Formentera's history begins in the years 1800-1600 BC, as prove the megalithic tomb of "Ca Na Costa” (near Es Pujols) and the remains of Es Cap de Barbaria.
After a period during which the island was uninhabited, some vestiges of the Phoenician, Punic and Roman cultures become witnesses of other populations. The remains of "Can Blai castellum" on the road to La Mola belong to the Roman period. During the Arab occupation there must have been a stable population in Formentera, since there are various remains of houses, wells and cisterns of that time.
The Arab occupation of the islands ended in 1235, when the Catalan conquest of Ibiza and Formentera by Jaime I took place. The Romanesque Chapel of "Sa Tanca Vella”, in Sant Francesc Xavier, built in 1336 belongs to this period. During the Middle Ages and the Renaissance Formentera was only occasionally populated by inhabitants of Ibiza.
Thus, the modern history of the island really starts in 1695. This year the Crown donated the island of Formentera to Marc Ferrer, in payment for services rendered. This is how the last and final repopulation of the island began. Some years later, in 1726, the first church in Formentera was erected, dedicated to St. Francisco Javier, built as a fortress in which to shelter from the pirates. The defensive towers of Espalmador Island, Punta Prima, Es Pi des Català, Es Cap de Barbaria and Punta de La Gavina belong to the same period. Already in the 19th century the churches of El Pilar, La Mola and San Fernando were built. Over time some small hamlets started to emerge around the church although most of the population remained scattered in small cottages.
It is in the second half of the 20th century and especially in the 60s and 70s that the tourist industry begins to develop in Formentera. Parallel to the burgeoning tourist industry, in the late 60's the hippy movement flourished in Formentera, a fact which has deeply influenced the character of the island. Bob Dylan, King Crimson, Pink Floyd, Kevin Ayers, Chris Rea ...they all visited Formentera, a place which has always attracted many artists who find inspiration for their creative work on the island.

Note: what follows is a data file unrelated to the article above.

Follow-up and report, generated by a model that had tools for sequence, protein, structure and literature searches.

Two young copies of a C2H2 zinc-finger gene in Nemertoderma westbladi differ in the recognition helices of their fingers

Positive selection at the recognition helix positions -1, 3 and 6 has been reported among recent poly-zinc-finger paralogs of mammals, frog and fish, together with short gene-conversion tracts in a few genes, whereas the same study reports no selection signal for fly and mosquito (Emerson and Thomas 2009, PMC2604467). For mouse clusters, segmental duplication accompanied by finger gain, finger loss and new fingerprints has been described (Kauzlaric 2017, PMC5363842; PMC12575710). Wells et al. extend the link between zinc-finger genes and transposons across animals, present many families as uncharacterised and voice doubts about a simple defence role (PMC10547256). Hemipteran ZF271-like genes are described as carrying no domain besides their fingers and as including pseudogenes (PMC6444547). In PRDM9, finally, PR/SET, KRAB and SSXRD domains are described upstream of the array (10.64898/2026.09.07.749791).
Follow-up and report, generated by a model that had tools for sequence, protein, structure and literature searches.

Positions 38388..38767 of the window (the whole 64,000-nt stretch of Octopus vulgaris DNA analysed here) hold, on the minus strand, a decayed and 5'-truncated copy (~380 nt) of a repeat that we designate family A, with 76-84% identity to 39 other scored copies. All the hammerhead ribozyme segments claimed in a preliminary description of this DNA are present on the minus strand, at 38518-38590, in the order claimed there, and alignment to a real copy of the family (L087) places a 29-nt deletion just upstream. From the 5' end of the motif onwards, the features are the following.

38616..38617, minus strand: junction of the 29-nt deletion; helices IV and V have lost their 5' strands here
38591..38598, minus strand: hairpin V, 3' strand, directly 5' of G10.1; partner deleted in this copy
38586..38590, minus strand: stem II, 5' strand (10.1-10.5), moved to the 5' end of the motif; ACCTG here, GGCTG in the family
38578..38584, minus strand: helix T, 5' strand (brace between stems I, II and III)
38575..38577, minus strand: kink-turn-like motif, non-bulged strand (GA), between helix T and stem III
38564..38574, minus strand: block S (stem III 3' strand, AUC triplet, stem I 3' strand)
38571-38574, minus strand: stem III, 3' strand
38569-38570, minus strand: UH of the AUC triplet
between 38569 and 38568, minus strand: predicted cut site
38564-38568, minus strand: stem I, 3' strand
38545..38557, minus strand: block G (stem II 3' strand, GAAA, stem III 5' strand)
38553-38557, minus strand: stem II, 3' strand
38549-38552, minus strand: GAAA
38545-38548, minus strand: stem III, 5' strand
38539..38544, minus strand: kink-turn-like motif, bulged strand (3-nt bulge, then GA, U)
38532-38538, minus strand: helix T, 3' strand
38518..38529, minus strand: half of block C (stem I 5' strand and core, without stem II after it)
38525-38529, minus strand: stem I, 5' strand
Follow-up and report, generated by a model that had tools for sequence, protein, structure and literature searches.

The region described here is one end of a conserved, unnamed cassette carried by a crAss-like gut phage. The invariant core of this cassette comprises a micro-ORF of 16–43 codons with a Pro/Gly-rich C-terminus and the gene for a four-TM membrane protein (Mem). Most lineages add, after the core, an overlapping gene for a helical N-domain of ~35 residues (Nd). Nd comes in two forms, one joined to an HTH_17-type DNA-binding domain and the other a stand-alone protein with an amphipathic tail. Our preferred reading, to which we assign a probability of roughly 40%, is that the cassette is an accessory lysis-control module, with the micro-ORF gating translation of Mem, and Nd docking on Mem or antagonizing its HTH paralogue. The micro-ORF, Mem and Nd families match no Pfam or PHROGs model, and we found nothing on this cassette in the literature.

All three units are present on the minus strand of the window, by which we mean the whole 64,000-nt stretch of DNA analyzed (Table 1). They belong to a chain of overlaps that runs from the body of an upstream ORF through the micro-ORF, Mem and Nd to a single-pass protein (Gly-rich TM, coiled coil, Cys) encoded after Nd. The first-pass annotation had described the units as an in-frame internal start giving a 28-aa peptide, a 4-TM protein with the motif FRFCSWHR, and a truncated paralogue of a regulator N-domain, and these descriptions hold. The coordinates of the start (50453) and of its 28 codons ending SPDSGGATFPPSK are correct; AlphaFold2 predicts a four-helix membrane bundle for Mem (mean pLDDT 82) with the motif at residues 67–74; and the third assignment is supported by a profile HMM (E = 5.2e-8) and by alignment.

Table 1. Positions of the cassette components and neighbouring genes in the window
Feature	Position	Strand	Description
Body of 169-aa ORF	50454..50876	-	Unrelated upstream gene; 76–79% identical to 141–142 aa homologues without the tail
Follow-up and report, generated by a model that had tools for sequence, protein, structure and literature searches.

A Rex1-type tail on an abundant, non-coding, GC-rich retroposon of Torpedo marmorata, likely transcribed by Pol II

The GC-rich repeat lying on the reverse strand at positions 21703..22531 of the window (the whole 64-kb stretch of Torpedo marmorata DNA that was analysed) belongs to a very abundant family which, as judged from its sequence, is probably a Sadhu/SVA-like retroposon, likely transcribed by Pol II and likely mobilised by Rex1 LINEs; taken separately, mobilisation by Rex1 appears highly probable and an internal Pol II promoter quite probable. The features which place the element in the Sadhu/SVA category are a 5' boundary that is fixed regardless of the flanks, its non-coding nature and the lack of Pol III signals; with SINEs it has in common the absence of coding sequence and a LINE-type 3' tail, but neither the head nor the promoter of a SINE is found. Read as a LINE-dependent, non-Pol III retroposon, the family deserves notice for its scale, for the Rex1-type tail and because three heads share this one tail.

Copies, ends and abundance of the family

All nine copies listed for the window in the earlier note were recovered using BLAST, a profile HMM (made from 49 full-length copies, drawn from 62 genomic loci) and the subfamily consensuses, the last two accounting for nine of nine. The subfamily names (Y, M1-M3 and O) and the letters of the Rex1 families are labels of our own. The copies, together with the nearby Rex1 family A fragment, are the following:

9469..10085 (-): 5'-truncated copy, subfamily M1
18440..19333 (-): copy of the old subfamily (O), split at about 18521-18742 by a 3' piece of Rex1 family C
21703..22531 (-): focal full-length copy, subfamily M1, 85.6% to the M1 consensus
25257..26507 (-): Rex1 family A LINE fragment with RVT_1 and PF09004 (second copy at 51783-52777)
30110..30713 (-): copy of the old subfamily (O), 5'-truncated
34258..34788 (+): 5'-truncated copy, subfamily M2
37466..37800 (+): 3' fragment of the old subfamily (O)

Formentera, over the years, has kept its balance between a developed tourist industry and a personality distinct from that of Ibiza, an atmosphere of relaxation and tranquillity based on small family businesses.
Formentera’s oldest archaeological remains date back to the megalithic era. Between 1800-1600 B.C. the island was populated by people probably coming from the Spanish mainland. The megalithic tomb of "Ca Na Costa” (near Es Pujols) and the remains of Es Cap de Barbaria.
Many remains from the Phoenician, Punic, Roman and Arabic cultures have been found and are exhibited in the Archaeological Museum of Ibiza. In Formentera you can visit the "Castellum" Can Blai, unfinished building from the 5th century A.D.